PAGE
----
Ralph Lee 1935-2023

Ralph Lee and MasksRalph Lee, Legendary Mask and Puppet Maker, Artistic Director of the Mettawee River Theatre Co, and Founder of the Village Halloween Parade, dies at 87

Ralph Minor Lee, 87, of Middlebury, VT, died in his home in New York City on May 12, 2023, following a long illness. He was preceded in his death by his parents, William Storrs Lee and Mary Louise Minor Lee, and his brother William “Bill” Lee, and is survived by his beloved wife and artistic partner Elizabeth “Casey” Compton, children Heather Lee, Jennifer Lee, Joshua Lee, and Dorothy Lee, six grandchildren, and one great-grandchild. In addition to his major contributions to the theater world, he was also a loving and dedicated husband, father, grandfather, and friend.

Lee first made puppets as a child, and went on to create masks, puppets, and large-scale figures for many theater and dance companies, including the Metropolitan Opera, the New York City Opera, the New York City Ballet, the Joffrey Ballet, the Phoenix Theater, the Waverly Consort, the Living Theater, Shari Lewis, the Ensemble for Early Music, the New York Shakespeare Festival, Shakespeare & Company, Erick Hawkins Dance Company, Jean Erdman’s Theater of the Open Eye, Saturday Night Live (he designed and built the Land Shark), La MaMa, and Yoshiko Chuma’s School of Hard Knocks. As an actor he appeared on Broadway, off-Broadway, in regional theaters, and was a member of the Open Theatre, directed by Joseph Chaiken. He produced and directed events for many institutions including the LaJolla Playhouse, the New York Botanical Garden in the Bronx, and the Cathedral of St. John the Divine, where he was an artist-in-residence since 1984.

Lee directed the first Greenwich Village Halloween Parade in 1974, working in conjunction with the Theater for the New City. The parade was conceived as a mile-long theatrical event of masked performers, giant puppets and musicians that moved through the small neighborhood streets in an environment populated with additional flamboyant characters. After directing the parade for 12 years, during which time the event began to attract crowds of over 250,000 people, Lee stepped away, stating, “The parade has always been a celebration of the individual imagination in all its infinite variety. It continues to provide a framework for this expression and invites the participation of everyone.”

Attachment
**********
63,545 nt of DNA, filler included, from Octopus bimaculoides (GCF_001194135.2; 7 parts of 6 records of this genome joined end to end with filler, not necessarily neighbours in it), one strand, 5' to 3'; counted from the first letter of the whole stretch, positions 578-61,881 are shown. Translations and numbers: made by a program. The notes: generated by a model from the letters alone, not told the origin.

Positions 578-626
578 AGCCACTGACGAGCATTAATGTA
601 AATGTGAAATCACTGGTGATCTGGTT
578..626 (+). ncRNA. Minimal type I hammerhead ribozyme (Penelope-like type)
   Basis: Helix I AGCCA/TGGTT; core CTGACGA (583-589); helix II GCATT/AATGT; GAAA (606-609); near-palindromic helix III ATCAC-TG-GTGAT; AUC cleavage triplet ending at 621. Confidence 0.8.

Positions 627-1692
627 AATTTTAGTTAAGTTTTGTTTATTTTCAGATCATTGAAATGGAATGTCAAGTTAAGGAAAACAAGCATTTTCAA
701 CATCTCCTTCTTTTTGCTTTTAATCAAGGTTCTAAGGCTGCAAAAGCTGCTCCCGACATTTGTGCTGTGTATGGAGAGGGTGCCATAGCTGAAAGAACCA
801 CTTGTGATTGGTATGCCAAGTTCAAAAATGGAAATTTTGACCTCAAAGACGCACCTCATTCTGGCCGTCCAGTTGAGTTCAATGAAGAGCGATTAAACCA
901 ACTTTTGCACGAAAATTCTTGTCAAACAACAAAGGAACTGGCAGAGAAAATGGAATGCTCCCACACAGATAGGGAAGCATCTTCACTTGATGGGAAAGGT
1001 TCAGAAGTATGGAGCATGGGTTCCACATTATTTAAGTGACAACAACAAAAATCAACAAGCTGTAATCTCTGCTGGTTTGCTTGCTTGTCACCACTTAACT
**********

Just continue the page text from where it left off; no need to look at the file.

In 1976 Lee became Artistic Director of the Mettawee River Theatre Company, which became a center of his creative activity. With Mettawee he worked alongside his wife, Casey Compton, one of the founding members, and the company’s Managing Director. Together they produced plays based on creation myths, trickster tales, legends and folklore from the world’s many cultures. Each summer Mettawee operated from a farmhouse in Salem, NY, and toured with outdoor performances in upstate New York and New England, traveling to rural communities with limited exposure to live theater.

Lee graduated from Amherst College in 1957 and held teaching positions and residencies with several schools and institutions, including New York University, where he was on the faculty 1988-2022, the Coalition of Immokale Workers in Immokale, Florida, the Navajo Reservation in Rock Point, Arizona, and the University of Maryland in College Park, where he was the Jim Henson Artist-in-Residence 2007-08. Lee received many awards and honors for his work, including a Citation from the Municipal Arts Society, an induction into the CityLore People’s Hall of Fame, a Guggenheim Fellowship, a New York State Governor’s Arts Award, two individual Obie awards, and two American Theatre Wing design awards. Ralph Lee and Casey Compton received a 2022 Obie Award for Lifetime Achievement.

Lee’s work included parades, pageants, seasonal celebrations, and theatrical performances, often outside of traditional performance venues. He always strived to make the artistic experience accessible to all by staging events in familiar public locations, free-of-charge whenever possible, and creating vivid images that resonate deeply.

Those who would like to make a tribute donation are welcome to do so either to the Agricultural Stewardship Association or Mettawee River Theatre Co.

You can read more about Ralph Lee’s life and work in various publications, including The New York Times, the Times Union, and The Village Sun.